Peter Burness, the renowned historian and curator who retired from the Australian War Memorial in 2016 after 43 years of service, has been honoured in the Queen’s Birthday 2017 Honours List with the Member of the Order of Australia (AM).
Memorial Director Dr Brendan Nelson praised the dedicated commitment and unfailing professionalism displayed by Mr Burness throughout his long and distinguished career.
“Peter is a man who has devoted his life to honouring the memory of the more than 102,000 men and women who gave their lives for us. As a direct result of Peter’s contribution to the work of the Memorial many thousands of people now have a deeper understanding of what our soldiers, sailors, airmen, and nurses experienced,” Dr Nelson said.
“Peter has always been unfailingly generous in sharing his extraordinary knowledge of Australia’s military history, and his dedication to encouraging interest and learning in these areas is more than worthy of this significant personal recognition.”
Mr Burness joined the Memorial in 1973 as a curator, and up until his retirement at the end of 2016 was its longest-serving employee. In the course of his career he was involved in the development of many collections and contributed to dozens of permanent, temporary, and travelling exhibitions. In 2015, in recognition of his outstanding service, he was appointed a Fellow of the Australian War Memorial.
As a widely acknowledged expert on Australia’s First World War military history, Mr Burness has published extensively on the subject, including his popular book, The Nek: the tragic charge of the light horse at Gallipoli. First published in 1996, with a revised edition released in 2012, it is commonly regarded as a modern classic.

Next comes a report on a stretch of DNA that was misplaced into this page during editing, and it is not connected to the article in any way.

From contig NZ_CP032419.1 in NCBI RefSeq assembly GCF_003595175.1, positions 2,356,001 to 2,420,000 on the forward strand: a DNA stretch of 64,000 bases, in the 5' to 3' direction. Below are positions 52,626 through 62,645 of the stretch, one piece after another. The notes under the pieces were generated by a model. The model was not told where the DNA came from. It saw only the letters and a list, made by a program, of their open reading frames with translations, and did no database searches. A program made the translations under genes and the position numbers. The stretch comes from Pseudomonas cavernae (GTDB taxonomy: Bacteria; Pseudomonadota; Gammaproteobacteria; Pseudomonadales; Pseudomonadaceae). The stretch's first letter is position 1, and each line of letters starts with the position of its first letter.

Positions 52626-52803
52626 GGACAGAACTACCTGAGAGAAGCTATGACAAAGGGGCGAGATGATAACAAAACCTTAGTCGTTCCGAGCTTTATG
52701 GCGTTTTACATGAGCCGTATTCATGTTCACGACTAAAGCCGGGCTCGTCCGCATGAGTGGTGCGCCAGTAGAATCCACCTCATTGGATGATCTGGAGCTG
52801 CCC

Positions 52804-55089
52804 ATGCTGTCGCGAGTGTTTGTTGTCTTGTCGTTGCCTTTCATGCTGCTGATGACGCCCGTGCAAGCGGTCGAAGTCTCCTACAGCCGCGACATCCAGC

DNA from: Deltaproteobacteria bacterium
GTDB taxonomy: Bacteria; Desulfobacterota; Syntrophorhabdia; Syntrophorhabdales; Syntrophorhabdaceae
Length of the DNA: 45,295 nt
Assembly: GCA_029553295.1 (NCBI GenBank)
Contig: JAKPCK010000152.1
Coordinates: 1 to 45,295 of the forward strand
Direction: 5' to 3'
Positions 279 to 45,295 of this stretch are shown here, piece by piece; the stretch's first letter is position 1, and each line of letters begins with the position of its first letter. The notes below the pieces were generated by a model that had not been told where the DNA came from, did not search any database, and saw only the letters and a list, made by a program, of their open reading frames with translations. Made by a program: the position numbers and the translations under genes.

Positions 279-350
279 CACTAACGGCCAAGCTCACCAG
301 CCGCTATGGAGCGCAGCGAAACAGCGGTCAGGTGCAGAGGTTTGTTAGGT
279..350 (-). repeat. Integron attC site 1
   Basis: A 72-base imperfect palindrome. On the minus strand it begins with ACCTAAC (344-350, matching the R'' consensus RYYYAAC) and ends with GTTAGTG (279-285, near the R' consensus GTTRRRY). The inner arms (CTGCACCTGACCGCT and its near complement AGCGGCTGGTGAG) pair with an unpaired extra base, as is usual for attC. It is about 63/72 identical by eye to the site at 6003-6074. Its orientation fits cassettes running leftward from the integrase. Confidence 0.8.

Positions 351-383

Mr Burness developed an extensive network of contacts domestically and internationally as he helped the Memorial build its collection. His efforts were instrumental in identifying and bringing to light the remarkable Vignacourt photographs of Australian soldiers in France during the First World War. Now known as the Thuillier Collection, these iconic glass-plate photographs were discovered in 2011 after laying undisturbed for nearly a century in the attic of a farmhouse in Vignacourt. The collection is considered one of the most precious visual records reflecting the service and sacrifice of Australian soldiers in the First World War. The Chairman of the Memorial’s Council, Mr Kerry Stokes AC, personally acquired the fragile plates and donated them to the Memorial in 2012.
In 2010 Mr Burness was appointed the Memorial’s inaugural Lambert Gallipoli Fellow, in which role he undertook extensive research related to the Gallipoli centenary. In continuing this work he has completed a comprehensive volume based on the Western Front diaries of Australia’s official First World War correspondent, official historian, and founder of the Memorial, Charles Bean, for anticipated publication in 2018.
“Based on Peter’s vast knowledge of the subject, this work will undoubtedly make a significant contribution to popular and scholarly understanding of Australia’s role in the Great War, and is expected to become standard reading on the history of Australia’s involvement in the First World War,” Dr Nelson said.
“Peter has agreed to continue to work with the Australian War Memorial in a volunteer role; such is his ongoing dedication to what this national institution stands for. If anyone ever deserved this award, it is Peter Burness.”
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